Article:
Is the spiritual formation movement in theological education wrongheaded?

This question is one of many raised by Edward Farley’s Theologia: The Fragmentation and Unity of Theological Education (one I wish I would have read years ago!). Let me give you Farley’s assertion, then the FarleyEdwardargument that informs it:

[T]heological education has assumed that its unity and subject matter had no relation to the sapiential knowledge which accompanies faith’s concrete existence (piety). The flurry of activity going on these days about ‘formation’ and ‘spirituality’ is no doubt some sort of attempt at the restoration of piety [in theological education] … Because the aim has been to spiritualize the theological school’s life and ethos but not its course of studies, the formation movement perpetuates the inherited separation of piety and intellect. Presupposed here is that spirituality pertains to a realm other than the subject matter and end of studies … Furthermore, formation and spirituality seem to be viewed as to have little to do with faith’s sapiential knowledge (theologia). This may be why it has been so easy to talk about and urge a formation which lacks spirituality’s very essence, namely, discipline. This lack of a cognitive element and the discipline necessary to it may be the reason formation in the present-day sense exports intellect from piety (pp. 160-61).

How does this strike you?

Lying  behind Farley’s statement is a rather detailed historical tracking of theological education’s circuitous route from the patristic age to the present. The result: Farley contends that contemporary theological education operates with an overly modern, scientific notion of theology, one that actively separates faith and action, theory and practice, knowledge and spirituality. Against this, theological education (in the academy and the church) should find its unifying centre in what Farley calls theologia, a sapiential (existential, personal) and praxis-oriented understanding of God and the world which predominated before the Enlightenment and the inclusion of “theology” into the German university as a “science” (among other reasons).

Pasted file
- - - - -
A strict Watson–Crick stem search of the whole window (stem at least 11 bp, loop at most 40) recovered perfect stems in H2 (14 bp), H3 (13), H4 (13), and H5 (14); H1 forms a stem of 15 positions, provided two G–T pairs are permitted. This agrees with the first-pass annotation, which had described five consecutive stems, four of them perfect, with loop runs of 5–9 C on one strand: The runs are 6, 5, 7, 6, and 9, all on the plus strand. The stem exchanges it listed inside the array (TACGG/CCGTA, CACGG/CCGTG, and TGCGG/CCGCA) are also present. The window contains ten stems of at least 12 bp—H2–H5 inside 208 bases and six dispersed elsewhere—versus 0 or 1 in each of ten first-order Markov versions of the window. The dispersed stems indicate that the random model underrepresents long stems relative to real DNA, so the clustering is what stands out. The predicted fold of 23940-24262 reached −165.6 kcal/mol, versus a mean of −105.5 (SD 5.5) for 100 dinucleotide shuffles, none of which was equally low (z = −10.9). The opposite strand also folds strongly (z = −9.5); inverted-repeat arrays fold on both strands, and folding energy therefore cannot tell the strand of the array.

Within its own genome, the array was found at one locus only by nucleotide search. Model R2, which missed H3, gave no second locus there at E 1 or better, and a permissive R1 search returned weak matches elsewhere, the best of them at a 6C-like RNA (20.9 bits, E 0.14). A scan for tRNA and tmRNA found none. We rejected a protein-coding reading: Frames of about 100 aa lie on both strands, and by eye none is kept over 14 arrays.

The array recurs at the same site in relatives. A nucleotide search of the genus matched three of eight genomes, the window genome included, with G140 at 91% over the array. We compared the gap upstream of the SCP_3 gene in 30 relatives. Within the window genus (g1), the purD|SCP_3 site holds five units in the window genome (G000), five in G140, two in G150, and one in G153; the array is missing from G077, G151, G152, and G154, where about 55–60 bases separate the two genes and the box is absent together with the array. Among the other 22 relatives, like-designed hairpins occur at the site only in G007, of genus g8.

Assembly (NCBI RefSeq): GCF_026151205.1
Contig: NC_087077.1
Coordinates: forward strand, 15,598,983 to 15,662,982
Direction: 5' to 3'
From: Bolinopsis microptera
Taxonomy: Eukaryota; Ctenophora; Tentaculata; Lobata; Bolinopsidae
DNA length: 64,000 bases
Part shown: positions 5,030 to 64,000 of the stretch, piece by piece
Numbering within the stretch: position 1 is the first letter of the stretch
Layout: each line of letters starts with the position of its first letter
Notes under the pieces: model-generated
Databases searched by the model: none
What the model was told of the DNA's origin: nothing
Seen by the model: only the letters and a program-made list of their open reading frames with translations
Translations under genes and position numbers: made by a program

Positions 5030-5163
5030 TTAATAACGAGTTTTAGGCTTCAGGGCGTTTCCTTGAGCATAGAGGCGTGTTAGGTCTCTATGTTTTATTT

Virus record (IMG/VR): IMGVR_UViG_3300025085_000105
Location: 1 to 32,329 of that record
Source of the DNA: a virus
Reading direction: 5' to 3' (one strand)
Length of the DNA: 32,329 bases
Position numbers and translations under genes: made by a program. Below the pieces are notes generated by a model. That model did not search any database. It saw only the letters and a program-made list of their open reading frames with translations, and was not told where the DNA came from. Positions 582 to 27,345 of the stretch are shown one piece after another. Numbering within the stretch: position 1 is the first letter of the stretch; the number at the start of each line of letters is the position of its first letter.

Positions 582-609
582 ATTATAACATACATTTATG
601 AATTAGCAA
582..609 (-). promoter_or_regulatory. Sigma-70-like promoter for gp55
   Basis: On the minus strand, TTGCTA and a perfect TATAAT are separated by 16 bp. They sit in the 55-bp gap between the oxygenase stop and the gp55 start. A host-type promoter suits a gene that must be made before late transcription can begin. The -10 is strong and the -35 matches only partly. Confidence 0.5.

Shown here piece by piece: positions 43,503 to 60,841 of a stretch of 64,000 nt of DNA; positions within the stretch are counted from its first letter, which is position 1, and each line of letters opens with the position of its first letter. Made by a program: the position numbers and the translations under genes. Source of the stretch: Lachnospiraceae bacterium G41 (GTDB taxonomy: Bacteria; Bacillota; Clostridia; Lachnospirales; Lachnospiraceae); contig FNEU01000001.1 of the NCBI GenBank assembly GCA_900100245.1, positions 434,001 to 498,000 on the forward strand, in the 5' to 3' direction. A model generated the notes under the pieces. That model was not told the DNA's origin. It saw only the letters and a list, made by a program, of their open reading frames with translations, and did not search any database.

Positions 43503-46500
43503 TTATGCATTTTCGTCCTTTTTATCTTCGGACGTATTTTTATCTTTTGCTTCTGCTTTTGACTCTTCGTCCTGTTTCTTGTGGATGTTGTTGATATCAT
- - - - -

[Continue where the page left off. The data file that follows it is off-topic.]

Theology is less a “science” in the modern sense, and more “an act of practical knowledge having the primary character of wisdom” (p. 81). This retrieval works to hold together theory/practice, faith/obedience, knowledge/spirituality.When theological study ceased being an end in itself by which those who studied it were transformed by grace, the
“study of theology” became a means toward other ends (in its earliest cases the training of professional ministers) and with it came a theory/practice divide.

The separation of knowledge and spirituality also attended this shift. To make up for the inadequate relationship between them, in the present day some seminaries and Christian universities attempt to infuse the entire education process with an emphasis on spiritual formation rather than change its basic view of theology to incorporate the sapiential wisdom that had long-characterized it before the Enlightenment.

Does this ring true to anyone? If so, where do we go from here?